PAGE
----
My name is Darren, and I'm a warezaholic.
It started innocently enough. My first forays into the illicit world of copyright theft typically involved a blank cassette, a twin-deck cassette player and a game I borrowed from a friend. I had heard about the ease with which you could duplicate Commodore 64 games, but I apparently lacked the skills and understanding to do so. My collection of blank tapes was a catalogue of white noise. All of them failed to load.
Subsequent attempts fared better. By the time I hit my teens, I owned an Atari ST and made the acquaintance of some of the older boys on the bus to school by lending them my gaming mags for the journey. They repaid the favor with a duplicated copy of Rick Dangerous 2.
These were harmless diversions compared to my assortment of legally purchased games, however. I had amassed a collection unrivalled within my social circles. (Hindsight leads me to believe that it was also unenvied, but such is the wisdom that comes with age.) At the time, every penny I earned either went toward the purchase of videogames or toward public transportation to the places that sold them.
This pattern continued until I reached my early 20s. I begged, borrowed and was tempted to steal in order to get my fix of undoing the shrink wrap on a new purchase. The teasing resistance of the cardboard box as I tried to open it, the first flick through the manual, the fresh scent of processed paper - I needed to own games more than I needed to play them.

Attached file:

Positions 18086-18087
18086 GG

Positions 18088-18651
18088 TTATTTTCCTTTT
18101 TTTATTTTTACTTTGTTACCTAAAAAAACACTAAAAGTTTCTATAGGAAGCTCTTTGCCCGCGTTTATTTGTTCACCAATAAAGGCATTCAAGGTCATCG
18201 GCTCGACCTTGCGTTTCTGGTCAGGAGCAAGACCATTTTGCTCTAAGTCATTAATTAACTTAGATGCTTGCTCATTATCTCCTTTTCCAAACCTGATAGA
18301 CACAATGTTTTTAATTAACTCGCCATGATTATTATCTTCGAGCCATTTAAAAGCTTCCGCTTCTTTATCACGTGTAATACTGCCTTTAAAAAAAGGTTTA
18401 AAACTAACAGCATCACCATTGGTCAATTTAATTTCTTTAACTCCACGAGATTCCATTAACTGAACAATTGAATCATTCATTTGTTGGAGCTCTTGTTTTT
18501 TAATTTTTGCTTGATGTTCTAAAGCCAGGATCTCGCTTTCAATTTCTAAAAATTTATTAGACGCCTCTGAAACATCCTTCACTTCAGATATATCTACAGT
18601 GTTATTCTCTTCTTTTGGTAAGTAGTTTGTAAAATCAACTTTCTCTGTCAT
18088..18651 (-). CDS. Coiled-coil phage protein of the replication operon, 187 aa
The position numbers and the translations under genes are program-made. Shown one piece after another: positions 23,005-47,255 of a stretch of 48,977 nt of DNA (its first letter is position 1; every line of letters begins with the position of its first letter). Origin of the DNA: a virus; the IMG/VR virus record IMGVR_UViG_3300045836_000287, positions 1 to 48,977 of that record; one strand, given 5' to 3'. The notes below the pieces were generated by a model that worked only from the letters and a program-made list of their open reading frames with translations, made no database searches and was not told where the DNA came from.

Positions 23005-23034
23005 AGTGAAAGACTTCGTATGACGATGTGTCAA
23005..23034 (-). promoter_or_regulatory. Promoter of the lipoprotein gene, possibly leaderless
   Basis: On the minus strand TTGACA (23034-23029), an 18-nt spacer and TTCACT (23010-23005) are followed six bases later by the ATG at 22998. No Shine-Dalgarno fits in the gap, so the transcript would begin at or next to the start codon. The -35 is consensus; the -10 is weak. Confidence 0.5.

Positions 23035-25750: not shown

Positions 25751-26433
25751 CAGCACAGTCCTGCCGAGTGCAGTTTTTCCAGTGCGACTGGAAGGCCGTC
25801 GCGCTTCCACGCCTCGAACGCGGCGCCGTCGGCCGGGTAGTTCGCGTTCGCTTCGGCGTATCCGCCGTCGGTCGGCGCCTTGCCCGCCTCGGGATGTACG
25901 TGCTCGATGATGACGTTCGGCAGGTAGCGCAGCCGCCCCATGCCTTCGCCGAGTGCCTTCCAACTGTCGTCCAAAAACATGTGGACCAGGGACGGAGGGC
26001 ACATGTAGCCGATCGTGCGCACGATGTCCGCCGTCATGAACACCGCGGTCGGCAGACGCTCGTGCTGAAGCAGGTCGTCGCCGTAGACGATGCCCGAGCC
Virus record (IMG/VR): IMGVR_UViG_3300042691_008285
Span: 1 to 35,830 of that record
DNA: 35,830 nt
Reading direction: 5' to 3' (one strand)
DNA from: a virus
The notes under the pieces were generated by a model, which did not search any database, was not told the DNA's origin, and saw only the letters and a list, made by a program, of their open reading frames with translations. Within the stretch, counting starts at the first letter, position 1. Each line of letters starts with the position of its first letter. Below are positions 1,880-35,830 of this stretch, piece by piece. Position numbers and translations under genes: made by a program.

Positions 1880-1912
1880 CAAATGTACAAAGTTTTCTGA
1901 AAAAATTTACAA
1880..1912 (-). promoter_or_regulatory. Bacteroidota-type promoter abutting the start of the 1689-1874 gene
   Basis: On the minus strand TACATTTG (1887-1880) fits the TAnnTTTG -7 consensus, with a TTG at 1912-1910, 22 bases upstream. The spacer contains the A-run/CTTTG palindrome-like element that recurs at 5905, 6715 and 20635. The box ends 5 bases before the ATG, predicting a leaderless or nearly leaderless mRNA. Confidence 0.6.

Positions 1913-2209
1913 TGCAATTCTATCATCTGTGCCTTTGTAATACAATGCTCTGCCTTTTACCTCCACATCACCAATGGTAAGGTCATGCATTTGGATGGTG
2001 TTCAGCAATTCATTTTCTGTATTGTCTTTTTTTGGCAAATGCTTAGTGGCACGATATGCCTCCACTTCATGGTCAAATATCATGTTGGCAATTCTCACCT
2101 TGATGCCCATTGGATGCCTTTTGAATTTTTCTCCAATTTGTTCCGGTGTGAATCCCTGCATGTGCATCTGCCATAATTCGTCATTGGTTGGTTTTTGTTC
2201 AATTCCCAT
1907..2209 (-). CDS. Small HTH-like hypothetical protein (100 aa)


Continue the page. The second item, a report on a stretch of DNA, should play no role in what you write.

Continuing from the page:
In the '90s, I completed the bare minimum of games - typically only those that turned up in the "best of" lists of each format. But behind each completion lay a fortune's worth of unloved games. I was destitute, selling every non-gaming-related item I owned to expand my collection. Food was a luxury; games were a necessity. My financial situation ebbed and flowed in sync with console development cycles.
And then a mysterious disc entered my life. I loaded it into my PC and up came an animated menu with a list of recent games. Five minutes later I was playing a rip, a pirated copy of a game with all the unnecessary movies and files removed so it could be readily distributed across hijacked web-enabled servers. A local group had gone to the trouble of downloading a few games, burning them onto a single CD with a menu and then putting it out through various channels. According to the numbering on the disc, this was the 47th time they'd done this.